With these studies about anorexia strictly connected to body image. Many would want to know what causes the automatic reaction to people in need to improve their image just like that one person in the ads or in the magazines. So far, we know that one of the main reasons of anorexia or bulimia is related to individual looks. But, does it have another reason to be? Could body image be caused not only for individual looks but for other reasons?
Body image is also caused by significant physical changes in the individual’s body during puberty or after pregnancy when women are likely to experience highly dynamic perceptions of body image. Body image is also influenced strongly by self-esteem and self-evaluation, more than by external evaluation by others. It can, however, be powerfully influenced and affected by cultural messages and societal standards of appearance and attractiveness. Given the overwhelming prevalence of thin and lean female images and strong and lean male images common to all westernized societies, body image concern have become widespread among adolescents
Some of these drawbacks are associated with the state of mind of the person connected with cultural messages. It is important to recognize, that body image is the appearance that the person gives to society. However, the reasons that cultural messages have when it comes to body image might defer to the ones that the individual has. These differences can come from childhood issues, parenting pressure with ethnicity issues and appearance, from psychological issues such as obsessive compulsive disorder (OCD), which may or may not help influence physical responses to their need to look just like that one person from televised images or other sources where thin bodies or ethnicity comes into play, as the right appearance.
In addition, one of the most common drawbacks about body image is the sociocultural factor. A sociocultural model emphasizes that societal standards for attractiveness are often unachievable
but still lead to discrimination against “unattractive” individuals, a
phenomenon labeled “beautyism” by Thomas F. Cash (Cash) (Thompson).
Body image because of chemical processes during puberty, after pregnancy, or being influenced by ads, media, magazines and television shows. Are all related to appearance and how important it is to look “good” in our society, nevertheless, they have serious drawbacks on bulimia, anorexia, self-esteem and cultural messages among other things. This is something that concerns many people and is a problem that holds back the idea to foster a healthy body image instead of an obsessive will to mutilate the body to achieve the “right” looks.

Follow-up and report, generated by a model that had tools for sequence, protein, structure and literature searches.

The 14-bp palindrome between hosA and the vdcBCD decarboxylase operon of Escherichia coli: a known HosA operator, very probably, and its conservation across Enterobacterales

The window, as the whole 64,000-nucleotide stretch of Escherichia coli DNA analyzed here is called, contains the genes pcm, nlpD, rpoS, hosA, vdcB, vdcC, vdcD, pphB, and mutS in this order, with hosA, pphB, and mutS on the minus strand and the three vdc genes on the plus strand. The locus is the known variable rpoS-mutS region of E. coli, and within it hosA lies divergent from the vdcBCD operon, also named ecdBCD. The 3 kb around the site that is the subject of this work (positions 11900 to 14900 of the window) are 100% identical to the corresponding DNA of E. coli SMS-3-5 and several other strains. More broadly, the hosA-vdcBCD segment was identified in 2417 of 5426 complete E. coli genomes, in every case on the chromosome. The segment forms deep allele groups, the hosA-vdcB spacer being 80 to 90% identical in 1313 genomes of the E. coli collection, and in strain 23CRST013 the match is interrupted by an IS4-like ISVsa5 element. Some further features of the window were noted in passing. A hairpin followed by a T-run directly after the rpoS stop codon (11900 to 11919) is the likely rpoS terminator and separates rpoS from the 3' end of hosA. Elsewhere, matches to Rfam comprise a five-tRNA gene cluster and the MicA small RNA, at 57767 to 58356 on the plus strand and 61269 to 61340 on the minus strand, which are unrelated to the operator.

Cash, Thoma F. Google Scholar: The psychology of physical appearance: Aesthetics, attributes, and images. 1990. <www.body-images.com>.
Croll, Jillian. Essay. "From Body Image and Adolescents." Rottenberg T. Annette and Donna Haisty Winchell. Elements of Argument, A Text Reader. 9th ed. Boston: Bedford/St.Martin's, 2009. 536.
Fallon, Elizabeth A. Google Scholar: "Media images of the “ideal” female body: Can acute exercise moderate their psychological impact?" www.sciencedirect.com (2005): 62-73.
Thompson, Leslie J. Heinberg and J. Kevin. Google Scholar: "Body Image and Televised Images of Thinness and Atractiveness: A Controlled Laboratory Investigation." Journal Of Social and Clinical Psychology (1995): 325-338.
Von Wietersheim, Jörn. Google Scholar: Selective Attention of Patients With Anorexia Nervosa While Looking at Pictures of Their Own Body and the Bodies of Others: An Exploratory Study. Ulm, 11 January 2012.
Rottenberg Annette T. and Donna HaistyWInchell . " How Far Will We Go to Change Our Body Image." Chapter introduction. Elements of Argument, A Text Reader. 9th ed. Boston: Bedford/St.Martin’s, , 2009. 535-536.